Daniel L. Farkas was trained in Theoretical Physics in Romania, and holds a Ph.D. in Biophysics from the Weizmann Institute in Israel, where he received honors (Yashinsky Outstanding Graduate Student Prize, EMBO and UNESCO fellowships, Aharon Katchalsky-Katzir Award). He came to the US as a Fulbright scholar (also holding a Dr. Chaim Weizmann fellowship), conducted research at UC San Diego and Univ. of Washington and was also a Fulbright lecturer at UC Berkeley.
After junior faculty appointments, he settled at Carnegie Mellon Univ. as Associate Director and then Director of a National Science and Technology Center that won the Smithsonian Award for Science in 1996. Additionally, he joined the University of Pittsburgh as Professor Bioengineering and Pathology and Director of the BioImaging Laboratories. He was also co-founder and Associate Director of the Pittsburgh Tissue Engineering Initiative, later named the National Tissue Engineering Center. In 2002 he was appointed Vice-chairman for Research and Director of the Minimally Invasive Surgical Technologies Institute at Cedars-Sinai Medical Center in Los Angeles, where he was also Professor of Surgery and Biomedical Sciences. He is currently Research Professor in Biomedical Engineering at Univ. of Southern California.
Dr. Farkas’s scientific interests center on the investigation of the living state with light, for uses in biology, biotechnology, bioengineering and medicine. Optical bioimaging and biophotonics are his main technology interest areas, the applications being those of highest need and clinical challenge. This work was described in 200+ publications in journals such as Nature, Nature Biotechnology, Applied Optics, Cancer Research, PNAS, PLoS One and 31 books edited, and supported by about $80M in peer-reviewed funding. Minimally invasive surgery, the Operating Room of the Future, regenerative medicine and especially innovative cancer and neuroscience research, pursued at the mesoscopic level (i.e. with microscopic resolution within the macroscopic body) constitute his research focus. In these application domains, his team’s ability to monitor events with high specificity and spatio-temporal resolution, non-invasively in vivo significantly increased translational relevance, in studies of 3-D tissue architecture and physiology, early pathology detection and treatment, stem cell engraftment, tissue oxygenation, and cancer, cardiovascular and neurodegeneration research.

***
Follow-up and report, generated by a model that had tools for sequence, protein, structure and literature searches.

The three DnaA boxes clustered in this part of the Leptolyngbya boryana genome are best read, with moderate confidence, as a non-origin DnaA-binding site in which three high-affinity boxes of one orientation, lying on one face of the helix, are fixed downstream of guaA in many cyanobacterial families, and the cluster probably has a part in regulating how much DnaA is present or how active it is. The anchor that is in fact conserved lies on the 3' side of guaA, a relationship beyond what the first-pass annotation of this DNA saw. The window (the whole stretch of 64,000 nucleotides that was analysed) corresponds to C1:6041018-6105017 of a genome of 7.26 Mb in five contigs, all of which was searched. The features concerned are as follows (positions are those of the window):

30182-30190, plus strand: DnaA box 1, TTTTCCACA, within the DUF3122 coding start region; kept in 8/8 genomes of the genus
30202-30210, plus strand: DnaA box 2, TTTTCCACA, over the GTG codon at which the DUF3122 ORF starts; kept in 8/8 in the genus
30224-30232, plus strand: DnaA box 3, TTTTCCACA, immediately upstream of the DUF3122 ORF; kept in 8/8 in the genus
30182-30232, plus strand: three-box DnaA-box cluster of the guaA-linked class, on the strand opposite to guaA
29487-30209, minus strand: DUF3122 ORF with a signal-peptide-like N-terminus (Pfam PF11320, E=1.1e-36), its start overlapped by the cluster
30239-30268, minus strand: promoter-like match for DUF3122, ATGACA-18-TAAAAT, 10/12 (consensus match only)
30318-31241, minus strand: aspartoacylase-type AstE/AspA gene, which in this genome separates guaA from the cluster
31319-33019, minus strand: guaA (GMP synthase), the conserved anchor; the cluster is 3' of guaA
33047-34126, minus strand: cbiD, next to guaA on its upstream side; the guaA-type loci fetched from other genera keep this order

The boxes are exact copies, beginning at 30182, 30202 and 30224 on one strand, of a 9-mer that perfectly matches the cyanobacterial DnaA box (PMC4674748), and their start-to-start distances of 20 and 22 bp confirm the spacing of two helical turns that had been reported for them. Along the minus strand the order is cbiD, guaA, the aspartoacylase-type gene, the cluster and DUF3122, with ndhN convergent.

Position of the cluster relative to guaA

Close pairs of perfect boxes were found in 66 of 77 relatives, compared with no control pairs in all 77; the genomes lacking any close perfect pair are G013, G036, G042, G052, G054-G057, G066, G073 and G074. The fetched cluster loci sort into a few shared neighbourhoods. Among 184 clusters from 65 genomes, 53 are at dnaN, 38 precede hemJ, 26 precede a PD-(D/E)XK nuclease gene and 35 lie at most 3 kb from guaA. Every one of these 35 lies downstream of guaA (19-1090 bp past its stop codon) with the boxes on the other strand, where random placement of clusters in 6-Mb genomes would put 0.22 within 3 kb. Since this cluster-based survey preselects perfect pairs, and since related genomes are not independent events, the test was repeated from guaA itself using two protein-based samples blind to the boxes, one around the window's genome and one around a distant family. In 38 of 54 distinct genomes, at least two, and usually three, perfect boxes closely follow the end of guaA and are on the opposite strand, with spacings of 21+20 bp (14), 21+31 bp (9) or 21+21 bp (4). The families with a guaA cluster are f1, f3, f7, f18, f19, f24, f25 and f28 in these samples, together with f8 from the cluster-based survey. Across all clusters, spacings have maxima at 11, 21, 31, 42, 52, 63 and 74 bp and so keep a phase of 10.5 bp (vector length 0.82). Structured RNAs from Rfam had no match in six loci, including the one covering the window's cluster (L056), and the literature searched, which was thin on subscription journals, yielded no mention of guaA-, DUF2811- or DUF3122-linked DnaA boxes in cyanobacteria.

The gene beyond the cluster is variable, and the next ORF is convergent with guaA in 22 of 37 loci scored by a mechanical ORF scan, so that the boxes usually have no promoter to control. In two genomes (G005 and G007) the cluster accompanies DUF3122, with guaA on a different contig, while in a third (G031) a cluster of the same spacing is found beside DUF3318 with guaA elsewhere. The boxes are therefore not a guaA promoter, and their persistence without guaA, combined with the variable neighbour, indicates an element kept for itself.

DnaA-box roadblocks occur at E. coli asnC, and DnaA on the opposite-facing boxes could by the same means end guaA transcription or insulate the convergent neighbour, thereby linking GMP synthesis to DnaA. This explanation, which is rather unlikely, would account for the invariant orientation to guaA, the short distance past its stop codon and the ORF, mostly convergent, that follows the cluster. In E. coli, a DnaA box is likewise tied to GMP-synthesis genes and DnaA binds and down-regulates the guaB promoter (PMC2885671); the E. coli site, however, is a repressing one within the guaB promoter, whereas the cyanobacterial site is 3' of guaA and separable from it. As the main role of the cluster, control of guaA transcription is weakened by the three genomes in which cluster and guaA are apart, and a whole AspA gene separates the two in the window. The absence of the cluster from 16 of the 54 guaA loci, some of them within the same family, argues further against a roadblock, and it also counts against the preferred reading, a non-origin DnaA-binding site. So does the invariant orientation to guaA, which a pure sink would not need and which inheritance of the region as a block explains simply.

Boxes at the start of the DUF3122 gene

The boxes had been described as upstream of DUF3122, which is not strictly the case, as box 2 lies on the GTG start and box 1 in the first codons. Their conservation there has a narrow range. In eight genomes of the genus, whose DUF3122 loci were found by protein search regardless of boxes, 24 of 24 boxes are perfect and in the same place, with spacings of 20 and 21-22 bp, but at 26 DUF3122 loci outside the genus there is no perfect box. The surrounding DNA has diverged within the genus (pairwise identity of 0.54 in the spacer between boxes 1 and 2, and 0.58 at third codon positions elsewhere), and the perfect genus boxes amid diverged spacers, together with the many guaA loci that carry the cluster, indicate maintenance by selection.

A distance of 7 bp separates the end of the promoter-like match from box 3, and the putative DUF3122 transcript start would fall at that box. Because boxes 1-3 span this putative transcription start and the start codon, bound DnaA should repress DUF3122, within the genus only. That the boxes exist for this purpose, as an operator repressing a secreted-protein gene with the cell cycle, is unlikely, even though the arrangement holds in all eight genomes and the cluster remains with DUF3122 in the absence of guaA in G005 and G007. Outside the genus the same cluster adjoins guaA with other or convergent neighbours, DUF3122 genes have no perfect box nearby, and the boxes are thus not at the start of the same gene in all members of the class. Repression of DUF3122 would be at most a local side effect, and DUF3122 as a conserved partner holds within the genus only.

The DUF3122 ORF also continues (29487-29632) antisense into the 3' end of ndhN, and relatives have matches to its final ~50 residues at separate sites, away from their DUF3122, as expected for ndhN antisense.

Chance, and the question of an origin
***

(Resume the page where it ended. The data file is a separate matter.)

Dr. Farkas has chaired thirty international scientific conferences, including the United Engineering Foundation Conference on Advances in Optics for Biotechnology, Medicine and Surgery and the Keystone Symposium on Optical Bioimaging: Applications to Biology and Medicine. He is a member of the Executive Committee of the Biomedical Optics Society, served on eleven journal editorial boards, more than twenty NSF panels and NIH Study Sections, and on scientific advisory boards of national research centers (at Stanford Univ. and Univ. of Maryland) and international organizations, as well as of high-tech and biomedical companies.
His work was recognized with the Automated Imaging Association Award for Scientific Application, the Sylvia Sorkin Greenfield Award from the American Association of Physicists in Medicine, and election to President of IMLAS, an international interdisciplinary surgical society. Recently he was named Global Good Fellow, to work for Bill Gates on advanced technologies for addressing health challenges of the Earth’s “bottom billion” people.
Dr. Farkas founded three successful high/bio-tech startups, two acquired by larger companies and one currently on the NYSE. He decided to emphasize entrepreneurship (in which he received postgraduate training from Carnegie-Mellon University) over academic endeavors starting in 2011, and is now actively focusing on the development of five startups, as founder, chairman and CEO. Having lived in several countries, Daniel has 3 citizenships (including US), and is fluent in 6 languages.